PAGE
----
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It’s Back to School Time: Injuries, Employment Discrimination and COVID-19 Precautions at School

Posted by Giovanna A. D'Orazio | Sep 13, 2021

Inspired by Back to School season, let's talk about suing schools in New York.

First up, personal injuries.

Public schools in New York enjoy a layer of protection provided by the Education Law's notice of claim requirement (found at Section 3813).  If you are injured at a public school, as a prerequisite to filing a lawsuit, you have to serve a notice of claim on the school district within three months of the date of your accident.  This applies to students as well as to other visitors to the property.  Public schools also benefit from the shorter statute of limitations applicable to tort (i.e., negligence) claims against public entities and municipalities of one year and 90 days. 

If you or your child are injured at a school, it is important to contact an attorney as soon as possible to ensure that notice of claim requirements are followed to the letter. 

What if you are an employee of the school?  Typically, employees in New York cannot sue their employers for negligence because of the Workers' Compensation law.  That means if you slip on a spill in the cafeteria that should have been cleaned up sooner, your remedy is in Workers' Comp and not in a lawsuit.  Employees who are injured at work can have recourse, however, if there is a third party responsible.  So, if a contractor is doing work at the school and you are injured because of its negligence, you can have what's called a third party claim against the contractor and still receive Workers' Compensation.  However, your recovery in a personal injury lawsuit will likely be reduced by what you have already received, i.e., the Workers' Comp lien.

Next up, employment issues.

Public schools are subject to the same state and federal anti-discrimination laws as any other employer, as well as the Family and Medical Leave Act.  However, when it comes to state law claims, they continue to enjoy the protection of the notice of claim requirement.  (We say “protection”, because it's a relatively short deadline and, if you miss it, you may lose your claim).   Federal claims are not affected by the notice of claim requirement. 

Complying with notice of claim requirements may be important, even if you have federal claims, because state law can be better for employees and you want to have some backup if your federal claim is dismissed.  For example, as a general matter, we would describe the case law on disability discrimination to be more favorable under state law.  New York also loosened its standard in hostile work environment cases.  Additionally, state law explicitly protects certain categories of employees where federal law either does not or the law is iffy or in flux.  For example, state law is more protective of LGBTQ employees and pregnant employees than federal law.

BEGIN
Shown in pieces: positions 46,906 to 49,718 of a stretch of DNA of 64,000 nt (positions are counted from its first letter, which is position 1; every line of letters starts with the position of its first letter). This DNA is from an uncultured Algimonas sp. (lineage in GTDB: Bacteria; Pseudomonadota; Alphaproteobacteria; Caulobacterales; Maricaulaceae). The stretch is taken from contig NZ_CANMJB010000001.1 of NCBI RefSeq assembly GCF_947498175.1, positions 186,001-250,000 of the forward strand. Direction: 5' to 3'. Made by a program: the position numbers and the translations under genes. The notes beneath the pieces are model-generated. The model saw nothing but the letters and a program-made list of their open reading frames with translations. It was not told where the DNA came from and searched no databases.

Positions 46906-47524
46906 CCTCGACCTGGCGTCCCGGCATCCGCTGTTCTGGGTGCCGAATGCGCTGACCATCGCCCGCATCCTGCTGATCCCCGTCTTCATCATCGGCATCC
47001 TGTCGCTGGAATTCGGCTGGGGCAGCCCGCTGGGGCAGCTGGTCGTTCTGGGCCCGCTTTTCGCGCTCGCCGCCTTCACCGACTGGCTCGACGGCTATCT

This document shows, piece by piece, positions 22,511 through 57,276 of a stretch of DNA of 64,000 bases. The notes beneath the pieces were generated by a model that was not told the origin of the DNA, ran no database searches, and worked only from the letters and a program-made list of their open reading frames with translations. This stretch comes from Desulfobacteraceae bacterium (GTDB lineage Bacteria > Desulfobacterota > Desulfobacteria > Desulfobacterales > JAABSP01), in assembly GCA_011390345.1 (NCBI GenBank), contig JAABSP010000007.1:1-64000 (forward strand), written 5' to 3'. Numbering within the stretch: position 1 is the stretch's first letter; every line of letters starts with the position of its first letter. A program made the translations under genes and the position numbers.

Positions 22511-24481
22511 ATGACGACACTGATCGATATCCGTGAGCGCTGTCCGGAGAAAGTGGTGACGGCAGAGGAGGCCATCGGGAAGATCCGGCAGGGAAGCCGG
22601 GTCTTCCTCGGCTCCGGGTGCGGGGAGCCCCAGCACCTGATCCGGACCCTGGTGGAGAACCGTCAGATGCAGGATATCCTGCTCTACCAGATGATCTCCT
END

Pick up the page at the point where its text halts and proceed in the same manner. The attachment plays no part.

In public schools, employees also enjoy some, albeit limited, First Amendment protection when they speak on matters of public concern.

Employment in public schools in New York also implicates protections offered by the Education Law, the Taylor Law (applicable to public employee unions) and the Civil Service Law…but those issues are outside the scope of this post.  The take away is that if you are having an issue or action has been taken against you, you should contact an attorney sooner rather than later given the various shorter time deadlines that may be applicable.

COVID-19 Precautions: Vaccines and Masks

Mandatory COVID-19 vaccines are a hot topic right now.  Our new Governor recently announced mandatory vaccines or weekly COVID testing for school personnel and we recently wrote a blog post on why, because the law is unlikely to be in your favor, employees should think twice about quitting over these mandates.  Masks are also part of school reopening plans, and are likewise not something to lose your job over.  Schools are in a protective relationship with their students and also have an obligation to keep their employees safe.  Agree or disagree with CDC or OSHA guidance, ignoring those recommendations is likely a larger source of liability for schools than dealing with vaccine and mask holdouts who are unlikely to have legal recourse if they quit or are fired.

This blog post should not be relied on as legal advice or creating an attorney-client relationship.  All cases depend on their own sets of facts and require entering into a retainer agreement.  If you have been injured on school property, or are an employee who has been discriminated or retaliated against and lost their job as a result, give us a call.  We're happy to see if we can help.

About the Author

Giovanna A. D'Orazio

Giovanna has experience litigating, among other things, commercial, general civil, employment, land use and personal injury matters in New York State and federal courts. Giovanna focuses her practice on plaintiff's employment and personal injury matters, with a particular interest in women's rights and employment discrimination and harassment.

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